The city said it "has fully cooperated" with GDOT and the FAA and will continue to do so. Jacobs wrote that the city "remains committed" to complying with the airport concessions disadvantaged business goal.
GDOT, rather than the city, certifies firms as disadvantaged businesses. The city has said it does not have the authority to certify or independently assess the certification.
In the case of Mack II and Hojeij Branded Foods, the FAA wrote that records on file with GDOT "lack sufficient evidence" showing that the firm's owner was below the $750,000 personal net worth cap in effect at the time of the initial certification decision. Hojeij Branded Foods won one of the five largest restaurant contracts at the Atlanta airport. Atlanta Restaurant Partners won one of the four small restaurant contracts.
In the case of Atlanta Restaurant Partners and Vida Concessions, the FAA called into question the control of the firms by socially and economically disadvantaged individuals.
There is an appeals process.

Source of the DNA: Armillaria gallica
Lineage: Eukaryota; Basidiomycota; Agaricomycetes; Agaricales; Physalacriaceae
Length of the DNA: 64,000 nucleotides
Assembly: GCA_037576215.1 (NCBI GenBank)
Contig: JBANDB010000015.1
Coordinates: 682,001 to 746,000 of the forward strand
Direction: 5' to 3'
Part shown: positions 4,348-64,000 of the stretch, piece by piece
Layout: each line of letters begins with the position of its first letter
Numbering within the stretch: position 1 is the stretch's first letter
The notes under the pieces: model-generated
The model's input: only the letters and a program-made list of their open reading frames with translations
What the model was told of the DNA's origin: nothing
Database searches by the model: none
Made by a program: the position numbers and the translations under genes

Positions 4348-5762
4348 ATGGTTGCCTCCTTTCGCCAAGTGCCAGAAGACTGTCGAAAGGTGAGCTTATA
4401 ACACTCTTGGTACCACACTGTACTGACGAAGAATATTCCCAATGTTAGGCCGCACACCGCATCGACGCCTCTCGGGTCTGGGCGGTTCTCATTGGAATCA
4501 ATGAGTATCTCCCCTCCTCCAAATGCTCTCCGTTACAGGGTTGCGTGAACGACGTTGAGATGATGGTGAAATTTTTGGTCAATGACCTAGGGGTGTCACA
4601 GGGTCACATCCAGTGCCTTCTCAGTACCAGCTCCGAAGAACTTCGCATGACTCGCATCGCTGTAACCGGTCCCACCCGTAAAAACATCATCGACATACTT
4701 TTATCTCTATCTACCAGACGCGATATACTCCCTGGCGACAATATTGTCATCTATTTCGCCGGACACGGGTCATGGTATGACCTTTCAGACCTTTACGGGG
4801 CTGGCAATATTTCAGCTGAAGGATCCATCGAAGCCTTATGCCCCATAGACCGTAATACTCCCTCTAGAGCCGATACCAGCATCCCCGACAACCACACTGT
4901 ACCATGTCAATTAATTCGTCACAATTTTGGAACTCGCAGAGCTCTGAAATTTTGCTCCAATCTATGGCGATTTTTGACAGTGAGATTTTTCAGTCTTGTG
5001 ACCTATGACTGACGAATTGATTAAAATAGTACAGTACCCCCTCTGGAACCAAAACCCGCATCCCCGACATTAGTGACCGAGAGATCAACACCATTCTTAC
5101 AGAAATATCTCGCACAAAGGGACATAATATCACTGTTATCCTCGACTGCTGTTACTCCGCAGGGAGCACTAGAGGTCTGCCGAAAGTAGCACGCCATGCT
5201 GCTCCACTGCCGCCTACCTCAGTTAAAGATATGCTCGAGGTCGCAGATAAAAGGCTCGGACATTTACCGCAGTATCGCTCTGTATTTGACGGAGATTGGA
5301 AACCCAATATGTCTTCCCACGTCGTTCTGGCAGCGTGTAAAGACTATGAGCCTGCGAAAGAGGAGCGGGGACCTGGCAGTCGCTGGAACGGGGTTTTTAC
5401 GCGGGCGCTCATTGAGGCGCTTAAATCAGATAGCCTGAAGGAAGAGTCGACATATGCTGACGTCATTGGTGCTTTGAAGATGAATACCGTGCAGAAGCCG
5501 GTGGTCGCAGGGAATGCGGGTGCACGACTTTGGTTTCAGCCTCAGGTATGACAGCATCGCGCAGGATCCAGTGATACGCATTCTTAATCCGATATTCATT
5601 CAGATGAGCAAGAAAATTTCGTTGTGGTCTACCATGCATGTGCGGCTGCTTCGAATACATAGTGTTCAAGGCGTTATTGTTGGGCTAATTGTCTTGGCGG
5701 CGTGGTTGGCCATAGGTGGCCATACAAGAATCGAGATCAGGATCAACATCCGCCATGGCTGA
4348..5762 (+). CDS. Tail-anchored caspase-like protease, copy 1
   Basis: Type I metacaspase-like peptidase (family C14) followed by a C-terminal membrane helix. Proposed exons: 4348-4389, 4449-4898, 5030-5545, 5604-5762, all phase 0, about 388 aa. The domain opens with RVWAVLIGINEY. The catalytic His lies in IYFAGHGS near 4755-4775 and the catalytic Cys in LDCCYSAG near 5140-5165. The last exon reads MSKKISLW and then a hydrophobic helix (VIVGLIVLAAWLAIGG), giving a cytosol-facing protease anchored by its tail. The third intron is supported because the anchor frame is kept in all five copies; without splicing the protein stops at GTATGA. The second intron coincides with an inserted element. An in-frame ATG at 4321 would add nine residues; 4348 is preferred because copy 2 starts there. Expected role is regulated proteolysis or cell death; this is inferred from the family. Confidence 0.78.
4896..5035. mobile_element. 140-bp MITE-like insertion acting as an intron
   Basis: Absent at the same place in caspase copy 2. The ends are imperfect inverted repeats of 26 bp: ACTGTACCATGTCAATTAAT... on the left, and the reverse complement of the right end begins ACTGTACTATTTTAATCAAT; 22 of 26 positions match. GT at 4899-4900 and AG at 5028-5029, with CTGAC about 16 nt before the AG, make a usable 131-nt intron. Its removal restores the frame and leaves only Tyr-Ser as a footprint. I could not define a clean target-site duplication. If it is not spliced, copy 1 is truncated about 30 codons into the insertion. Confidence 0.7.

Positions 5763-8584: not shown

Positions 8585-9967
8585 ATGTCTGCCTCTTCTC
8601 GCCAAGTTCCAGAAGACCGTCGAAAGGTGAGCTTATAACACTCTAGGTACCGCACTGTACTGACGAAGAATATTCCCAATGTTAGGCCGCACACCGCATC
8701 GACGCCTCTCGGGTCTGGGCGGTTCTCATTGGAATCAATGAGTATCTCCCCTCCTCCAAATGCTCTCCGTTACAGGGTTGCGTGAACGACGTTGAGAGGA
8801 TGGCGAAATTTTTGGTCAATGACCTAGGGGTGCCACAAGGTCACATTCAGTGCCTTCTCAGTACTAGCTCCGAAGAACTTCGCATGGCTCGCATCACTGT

In a written statement, Atlanta Restaurant Partners head Daniel Halpern said: "While I have not yet seen the letter from the FAA, it is my understanding that Atlanta Restaurant Partners will have the opportunity to present evidence of our continued eligibility for the ACDBE program. We are confident that we will be able to demonstrate that we are and remain eligible to participate as a duly certified minority business enterprise."
The FAA sent the memos after GDOT last week sent a letter to the FAA saying it "did not find any information that would change the status" of the airport concessions disadvantaged businesses and was closing its review on the matter. GDOT has 60 days to complete the certification removal process.